BERLIN (Reuters) – The German cabinet on Wednesday approved Finance Minister Olaf Scholz’s draft budget for next year which envisages net new debt of 96.2 billion euros ($112.6 billion) to finance further measures to tackle the coronavirus crisis.
The additional borrowing marks the second-highest amount of net new debt in Europe’s largest economy since the end of World War Two and comes after the government already took on record high borrowing of some 218 billion euros this year.
“We protect the health of citizens, support the economy and secure employment,” Scholz said, adding that the COVID-19 pandemic is far from over so the government must not let up in its efforts.
“With the 2021 budget, we are making it clear that we will go all the way together. We act decisively, even if it costs a lot of money, because doing nothing would cost our country even more,” Scholz said.
The budget underlines Scholz’s determination to move Germany further away from its former image as Europe’s austerity champion and secure Berlin’s new role as the biggest spender in the euro zone’s struggle to recover from the coronavirus shock.
The fiscal plans require Germany to suspend its constitutionally enshrined debt limits in 2021 after parliament already abandoned them this year.
From 2022 onwards, Germany plans to stick to its debt brake rules again, limiting borrowing to a tiny fraction of gross domestic product.
The government’s mid-term fiscal plans envisage net new debt of 10.5 billion euros in 2022, 6.7 billion euros in 2023 and 5.2 billion euros in 2024. This means Germany is not planning to return to its ultra-prudent fiscal policy of keeping a balanced budget.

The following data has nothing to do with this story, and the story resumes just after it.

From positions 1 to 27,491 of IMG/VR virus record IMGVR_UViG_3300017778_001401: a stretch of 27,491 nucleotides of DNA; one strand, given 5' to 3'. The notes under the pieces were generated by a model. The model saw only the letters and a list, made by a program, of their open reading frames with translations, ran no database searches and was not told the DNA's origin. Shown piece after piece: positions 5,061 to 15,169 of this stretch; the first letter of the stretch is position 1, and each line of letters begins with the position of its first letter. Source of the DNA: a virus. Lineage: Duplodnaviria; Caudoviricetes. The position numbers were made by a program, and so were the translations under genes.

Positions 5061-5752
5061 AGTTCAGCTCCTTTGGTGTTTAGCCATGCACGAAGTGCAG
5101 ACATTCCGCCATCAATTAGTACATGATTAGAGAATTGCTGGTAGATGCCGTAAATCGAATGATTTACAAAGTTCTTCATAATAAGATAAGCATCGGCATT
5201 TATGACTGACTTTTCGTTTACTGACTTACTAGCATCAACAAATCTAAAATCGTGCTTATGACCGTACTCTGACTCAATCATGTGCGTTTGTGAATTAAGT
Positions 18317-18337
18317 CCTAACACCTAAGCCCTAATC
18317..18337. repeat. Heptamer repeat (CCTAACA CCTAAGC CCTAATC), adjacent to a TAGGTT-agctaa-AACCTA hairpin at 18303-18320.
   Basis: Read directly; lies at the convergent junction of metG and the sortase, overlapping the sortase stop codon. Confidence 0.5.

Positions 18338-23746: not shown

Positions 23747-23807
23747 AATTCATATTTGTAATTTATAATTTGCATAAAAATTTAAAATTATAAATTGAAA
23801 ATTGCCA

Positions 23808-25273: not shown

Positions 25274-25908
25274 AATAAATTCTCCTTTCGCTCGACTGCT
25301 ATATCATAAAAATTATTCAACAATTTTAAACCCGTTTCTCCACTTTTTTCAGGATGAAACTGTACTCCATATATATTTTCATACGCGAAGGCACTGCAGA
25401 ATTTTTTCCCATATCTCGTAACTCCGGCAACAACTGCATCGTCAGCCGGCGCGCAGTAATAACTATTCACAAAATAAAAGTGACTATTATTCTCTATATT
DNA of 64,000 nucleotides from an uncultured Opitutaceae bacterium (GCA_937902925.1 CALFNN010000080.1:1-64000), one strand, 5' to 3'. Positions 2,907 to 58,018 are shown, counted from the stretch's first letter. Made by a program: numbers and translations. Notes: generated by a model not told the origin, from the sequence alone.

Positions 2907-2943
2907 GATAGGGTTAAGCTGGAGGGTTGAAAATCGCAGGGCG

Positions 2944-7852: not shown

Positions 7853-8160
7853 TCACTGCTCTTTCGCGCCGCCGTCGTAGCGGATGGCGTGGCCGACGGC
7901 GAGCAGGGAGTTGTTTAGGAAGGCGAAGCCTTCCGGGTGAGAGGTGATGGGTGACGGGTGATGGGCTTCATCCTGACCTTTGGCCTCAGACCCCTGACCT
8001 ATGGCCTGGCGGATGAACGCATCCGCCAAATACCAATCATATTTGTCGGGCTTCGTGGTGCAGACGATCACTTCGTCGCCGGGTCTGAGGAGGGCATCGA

Germany is benefiting from record low borrowing costs, partly enabled by the European Central Bank’s loose monetary policy, so Berlin’s bill for debt servicing is likely to shrink further this year despite its additional borrowing plans.
Germany expects its debt-to-GDP ratio to jump to around 75% in 2020 from just below 60% in 2019 and then remain at that level in 2021 as the economy is expected to rebound strongly.
This would by far be the lowest debt-to-GDP ratio among the members of the G7 group of industrialized countries. By comparison, Britain’s debt-to-GDP ratio is expected to jump to some 100% this year while Japan’s is seen ballooning to roughly 265%.
($1 = 0.8540 euros)
(Reporting by Michael Nienaber; Editing by Michelle Adair and Maria Sheahan)